It can happen at virtually any time and often without warning — a sharp pain while brushing your teeth, eating, or just generally going about your day. The discomfort and pain of a toothache can derail your schedule and make everyday tasks uncomfortable. A toothache makes it hard to eat and smile, and the mere thought of brushing your teeth sends shudders down your spine.
If you’re too busy for a trip to see us at Alegria Dental Care or your toothache strikes when we aren’t open, you’re left caring for this toothache on your own. It may sound daunting, but don’t despair. There are many at-home remedies to treat your toothache and manage your pain before your appointment with Stefanie Sunnes, DMD, at Alegria Dental Care.
Use over-the-counter painkillers as your first layer of pain management. Take your typical dose as soon as you feel the toothache starting in a bid to soften any incoming pain. Your preferred painkiller suffices here, so feel free to take ibuprofen, acetaminophen, naproxen, or aspirin. Children 16 years and under should not take aspirin.
If the pain is especially stubborn, you can go back and forth every three hours between acetaminophen and the other three drugs. Do not take ibuprofen, naproxen, or aspirin within eight to 12 hours of each other.
It may not feel like it, but your blood flow actually has something do with pain. The science behind it is pretty simple: Cold temperature constricts your blood flow, reducing the amount of blood that reaches the area. The slower the blood reaches the affected area, the less likely it is to pool and cause pain. It’s the same science that applies to swelling and bruises.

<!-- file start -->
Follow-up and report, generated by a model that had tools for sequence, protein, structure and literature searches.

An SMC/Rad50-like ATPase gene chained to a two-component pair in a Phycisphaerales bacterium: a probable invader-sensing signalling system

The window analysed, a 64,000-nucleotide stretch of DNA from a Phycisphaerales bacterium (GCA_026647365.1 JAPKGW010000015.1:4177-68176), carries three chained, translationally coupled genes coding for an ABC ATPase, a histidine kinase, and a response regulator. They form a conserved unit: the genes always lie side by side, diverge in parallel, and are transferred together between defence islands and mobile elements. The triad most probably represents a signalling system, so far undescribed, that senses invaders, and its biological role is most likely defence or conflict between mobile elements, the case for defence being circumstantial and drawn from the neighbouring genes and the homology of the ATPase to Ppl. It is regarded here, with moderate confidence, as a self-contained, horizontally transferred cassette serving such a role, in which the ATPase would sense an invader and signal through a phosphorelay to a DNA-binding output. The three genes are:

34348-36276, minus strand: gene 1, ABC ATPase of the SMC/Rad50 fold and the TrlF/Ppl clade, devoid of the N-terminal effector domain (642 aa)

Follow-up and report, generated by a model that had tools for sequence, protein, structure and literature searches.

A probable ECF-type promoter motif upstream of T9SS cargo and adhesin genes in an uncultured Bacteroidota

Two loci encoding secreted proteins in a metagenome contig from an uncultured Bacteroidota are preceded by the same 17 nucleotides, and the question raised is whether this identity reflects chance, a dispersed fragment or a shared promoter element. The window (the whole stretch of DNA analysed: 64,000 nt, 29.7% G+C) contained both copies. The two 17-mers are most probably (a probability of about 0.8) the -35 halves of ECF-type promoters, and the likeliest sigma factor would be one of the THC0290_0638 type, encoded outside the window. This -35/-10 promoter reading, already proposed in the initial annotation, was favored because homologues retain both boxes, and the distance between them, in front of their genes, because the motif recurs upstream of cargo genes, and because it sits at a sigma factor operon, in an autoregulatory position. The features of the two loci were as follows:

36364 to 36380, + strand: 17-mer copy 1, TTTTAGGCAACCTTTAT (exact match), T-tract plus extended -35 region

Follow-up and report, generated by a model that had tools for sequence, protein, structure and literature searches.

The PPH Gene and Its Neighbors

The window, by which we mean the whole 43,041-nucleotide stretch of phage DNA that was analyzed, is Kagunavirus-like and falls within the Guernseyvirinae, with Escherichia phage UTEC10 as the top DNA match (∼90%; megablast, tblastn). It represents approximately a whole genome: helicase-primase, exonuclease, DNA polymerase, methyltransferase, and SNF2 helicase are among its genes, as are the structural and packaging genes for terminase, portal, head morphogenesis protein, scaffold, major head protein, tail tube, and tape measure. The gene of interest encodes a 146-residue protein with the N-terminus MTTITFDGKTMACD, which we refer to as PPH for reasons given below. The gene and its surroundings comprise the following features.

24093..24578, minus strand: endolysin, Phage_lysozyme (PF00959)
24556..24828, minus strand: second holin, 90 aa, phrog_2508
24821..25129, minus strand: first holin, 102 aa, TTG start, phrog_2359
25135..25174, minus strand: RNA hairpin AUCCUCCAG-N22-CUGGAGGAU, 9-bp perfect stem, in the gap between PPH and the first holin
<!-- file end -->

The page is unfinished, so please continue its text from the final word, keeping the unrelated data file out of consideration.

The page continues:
A cold compress slows the blood flow to your gums, which are likely inflamed and pressing against your tooth. The end result is pain reduction in two ways. The cold naturally numbs the area to blunt the pain and the restricted blood flow reduces swelling.
Make a cold compress with an ice pack from your local drugstore or use a plastic bag of ice.
You can also try using a warm saltwater rinse and a hydrogen peroxide rinse. Although they use different materials, the basic principle is the same. When you swish the rinse around in your mouth, you help dislodge any debris or food particles that could be stuck between your teeth. The salt and hydrogen peroxide also act as natural disinfectants and have been shown to reduce inflammation and heal oral wounds.
Use both rinses like you would mouthwash. For the saltwater, mix a half-teaspoon of salt into a glass of warm water. When using hydrogen peroxide, add equal parts water and 3% hydrogen peroxide solution.
Toothaches existed long before dentists or painkillers. Our ancestors were surely thankful for the bountiful natural remedies shown to help with toothache pain.
Peppermint tea bags are known to help numb tooth pain away. As an extra bonus, the menthol in peppermint tea also acts as a disinfectant. After warming the tea bag in hot water, let it cool for a bit before pressing it on the affected area.
Clove, thyme, aloe vera, garlic, and wheat grass also have a history of easing tooth pain. If you have a favorite natural remedy, there is a good chance it can help sooth your hurting mouth.
Notice anything missing from these remedies? All of them are meant to sooth, not fix, a toothache. Only a dentist can cure a toothache and give you tips on preventing more pain.
Make an appointment with Dr. Sunnes as soon as your toothache starts. With years of experience in non-invasive dental techniques, she has the tools and know-how to treat your toothache. Make an appointment online or call Alegria Dental Care today. Your mouth will thank you.